Let’s talk about apocalypses of the past.
In 1984, the Bhopal disaster in India killed thousands of people and left over half a million with debilitating injuries. The construction of the Shasta Dam during World War II displaced the Winnemem Wintu people from their homes along the McCloud River to make way for Shasta Lake. Blessing Hands Rock, a sacred site flooded by the reservoir, rises from the icy McCloud once or twice a year, briefly made accessible by a treacherous swim before disappearing below the surface once more. Since 1978, over 750,000 square miles of the Amazon rainforest have been destroyed, entire ecosystems lost to humanity’s hunger for glory.
If an apocalypse is the end of a world, all of these are stories of apocalypse.
“The Uninhabitable Earth: Famine, economic collapse, a sun that cooks us: What climate change could wreak — sooner than you think.” In a country media-dulled and hungry for cheap thrills, this sort of headline sells.
When New York Magazine published this David Wallace-Wells piece about climate change’s “worst case scenarios” on July 9, it took the internet by storm. It clogged my Facebook feed: “someone please tell me this is fake news?”, my best friend wrote, tacking on a frowny face.
Chockfull of sordid details and accompanied by photographs of gruesome plaster casts straight out of Mad Max, it’s not particularly surprising that the piece went viral. The word that I read again and again in response to it was apocalyptic. And as we all know, we live in a moment obsessed with all things apocalypse. The end of the world is in vogue.
What I actually found more newsworthy than Wallace-Wells’s publishing success, though, were the big-name climate writers scrambling to do damage control in the mainstream media, on environmental sites, and on Twitter. As if determined to reassure my best friend, they fought the “sensationalist” and “irresponsible” Wallace-Wells point by point.
To me, the most irritating responses were not those that quibbled over data, the exact probability of doom, or word choice, but those that played pop psychologist. Grist.org’s representative comeback was titled, “Stop scaring people about climate change. It doesn’t work.” Dozens of articles like this reassured readers that the worst case scenario is very unlikely – and that we (individually) do have power to stop it by changing our lifestyles.
The sheer defensiveness of some of the climate movement disturbs me. Keep calm and eat less meat? Who the heck are we trying to reassure? Who are we serving? And who are we – which voices are systematically sidelined by the climate movement? Whose apocalypses are overlooked?
I’m not saying that the defiers of doom don’t have a point: when it comes to the climate movement, some messages sell… and some don’t. There’s plenty of research about how what kind of sign in a hotel bathroom will convince more visitors to reuse their towel. But that’s the problem. Why obsess over signage and marketing? Why talk about climate change as if it’s a product? Why act like wheedling salespeople, trying to appeal to the better interests of contented people who actively benefit from industry and capitalism? Surely, we say, the apolitical masses just don’t understand. Or surely they feel paralyzed by guilt or shame, those counterproductive emotions propagated by environmentalists doing it wrong. If we can just make the right headline – or the right meme, or poster campaign, or whatever – we’ll get through to them.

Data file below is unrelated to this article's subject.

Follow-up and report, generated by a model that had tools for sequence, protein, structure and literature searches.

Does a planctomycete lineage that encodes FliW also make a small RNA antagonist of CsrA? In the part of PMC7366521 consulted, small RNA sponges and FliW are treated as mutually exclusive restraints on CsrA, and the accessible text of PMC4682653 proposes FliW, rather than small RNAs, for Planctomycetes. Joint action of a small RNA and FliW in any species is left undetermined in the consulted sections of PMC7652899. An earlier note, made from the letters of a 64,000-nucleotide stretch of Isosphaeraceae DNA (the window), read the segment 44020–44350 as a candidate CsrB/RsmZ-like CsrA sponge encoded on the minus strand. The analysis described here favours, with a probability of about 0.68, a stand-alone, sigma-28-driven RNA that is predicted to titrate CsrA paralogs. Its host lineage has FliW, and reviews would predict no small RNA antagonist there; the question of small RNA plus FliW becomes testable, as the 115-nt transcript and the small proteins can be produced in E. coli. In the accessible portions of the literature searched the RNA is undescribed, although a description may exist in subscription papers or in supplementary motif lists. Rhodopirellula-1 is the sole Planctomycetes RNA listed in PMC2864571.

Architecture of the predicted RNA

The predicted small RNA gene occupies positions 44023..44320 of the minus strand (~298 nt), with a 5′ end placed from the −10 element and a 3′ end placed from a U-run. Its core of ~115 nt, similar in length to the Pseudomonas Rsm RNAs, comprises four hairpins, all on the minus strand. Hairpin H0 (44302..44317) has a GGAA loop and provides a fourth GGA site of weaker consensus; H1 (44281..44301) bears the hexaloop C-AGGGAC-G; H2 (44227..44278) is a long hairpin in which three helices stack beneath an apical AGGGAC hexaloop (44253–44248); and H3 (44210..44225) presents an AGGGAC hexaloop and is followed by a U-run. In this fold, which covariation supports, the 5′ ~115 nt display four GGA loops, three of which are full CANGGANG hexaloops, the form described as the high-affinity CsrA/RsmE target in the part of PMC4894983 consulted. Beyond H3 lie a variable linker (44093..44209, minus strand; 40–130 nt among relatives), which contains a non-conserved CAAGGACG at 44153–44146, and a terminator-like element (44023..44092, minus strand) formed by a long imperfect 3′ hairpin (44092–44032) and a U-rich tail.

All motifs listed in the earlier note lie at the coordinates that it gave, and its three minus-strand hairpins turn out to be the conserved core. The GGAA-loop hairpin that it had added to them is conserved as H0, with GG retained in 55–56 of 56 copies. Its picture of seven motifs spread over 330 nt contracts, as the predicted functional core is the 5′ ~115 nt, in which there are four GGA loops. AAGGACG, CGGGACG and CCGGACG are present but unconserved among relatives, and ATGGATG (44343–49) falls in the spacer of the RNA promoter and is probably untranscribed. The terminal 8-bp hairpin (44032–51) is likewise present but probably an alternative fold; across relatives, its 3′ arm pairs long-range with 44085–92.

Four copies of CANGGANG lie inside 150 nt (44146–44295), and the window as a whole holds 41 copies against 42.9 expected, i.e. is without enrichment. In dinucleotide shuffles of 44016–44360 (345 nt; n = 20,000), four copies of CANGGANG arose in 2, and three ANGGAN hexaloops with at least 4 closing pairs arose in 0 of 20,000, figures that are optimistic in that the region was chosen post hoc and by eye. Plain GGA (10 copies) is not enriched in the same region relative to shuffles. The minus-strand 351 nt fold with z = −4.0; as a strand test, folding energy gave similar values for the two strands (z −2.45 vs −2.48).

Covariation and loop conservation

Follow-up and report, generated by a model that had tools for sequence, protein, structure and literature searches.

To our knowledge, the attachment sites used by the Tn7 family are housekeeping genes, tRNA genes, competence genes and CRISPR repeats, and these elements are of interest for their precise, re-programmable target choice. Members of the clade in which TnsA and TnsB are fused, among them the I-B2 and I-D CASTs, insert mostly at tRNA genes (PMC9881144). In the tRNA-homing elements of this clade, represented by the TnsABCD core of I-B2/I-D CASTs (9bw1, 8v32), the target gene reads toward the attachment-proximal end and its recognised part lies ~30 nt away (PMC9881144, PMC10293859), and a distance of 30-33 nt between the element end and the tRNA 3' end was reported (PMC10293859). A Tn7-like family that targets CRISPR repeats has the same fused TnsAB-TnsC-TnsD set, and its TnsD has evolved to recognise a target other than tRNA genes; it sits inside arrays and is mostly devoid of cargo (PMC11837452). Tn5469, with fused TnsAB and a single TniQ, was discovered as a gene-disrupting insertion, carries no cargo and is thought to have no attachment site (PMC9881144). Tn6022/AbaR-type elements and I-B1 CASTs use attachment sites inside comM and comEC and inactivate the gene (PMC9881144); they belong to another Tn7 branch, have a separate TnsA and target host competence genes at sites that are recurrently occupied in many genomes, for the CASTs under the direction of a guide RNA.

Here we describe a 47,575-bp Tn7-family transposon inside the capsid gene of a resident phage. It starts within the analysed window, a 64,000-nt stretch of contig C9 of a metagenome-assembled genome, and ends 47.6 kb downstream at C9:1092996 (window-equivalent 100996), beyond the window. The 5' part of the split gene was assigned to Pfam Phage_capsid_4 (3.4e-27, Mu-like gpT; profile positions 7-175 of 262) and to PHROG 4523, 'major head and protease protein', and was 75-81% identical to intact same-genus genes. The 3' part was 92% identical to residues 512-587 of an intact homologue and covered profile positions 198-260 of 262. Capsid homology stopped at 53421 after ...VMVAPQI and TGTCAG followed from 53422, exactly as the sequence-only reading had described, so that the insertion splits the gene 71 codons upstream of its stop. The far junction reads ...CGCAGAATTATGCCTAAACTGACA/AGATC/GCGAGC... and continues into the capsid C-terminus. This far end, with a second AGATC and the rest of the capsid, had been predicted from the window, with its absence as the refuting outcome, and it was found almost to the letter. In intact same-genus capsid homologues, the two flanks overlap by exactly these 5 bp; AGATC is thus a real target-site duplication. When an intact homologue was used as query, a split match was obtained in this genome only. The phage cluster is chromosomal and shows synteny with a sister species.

These publications are speaking to the populations that haven’t yet experienced an apocalypse of their own. They’re not talking to people in frontlines communities, the Biloxi-Chitimacha-Choctaw who have already been forced to abandon their lands on the Louisiana coastline due to rising seas or to dissidents in Honduras, the most dangerous country for environmental activists. Their readership consists of the people who are most insulated from the effects of climate change: mostly white, well-off liberals in the Global North. So the publications are telling these people not to worry – and telling them how to tell each other not to worry.
Why debate about the risks of causing hopelessness? In this dying world, millions of people live with hopelessness. I know intimately how depression and hopelessness can freeze (and seize) an entire person. Mental illness is not an apolitical abstraction: it disproportionately affects survivors of war, abuse, or other forms of trauma and loss. And in a changing world, some communities have already lost much more than others. The Sami, a people indigenous to Scandinavia, have been hit hard by grief: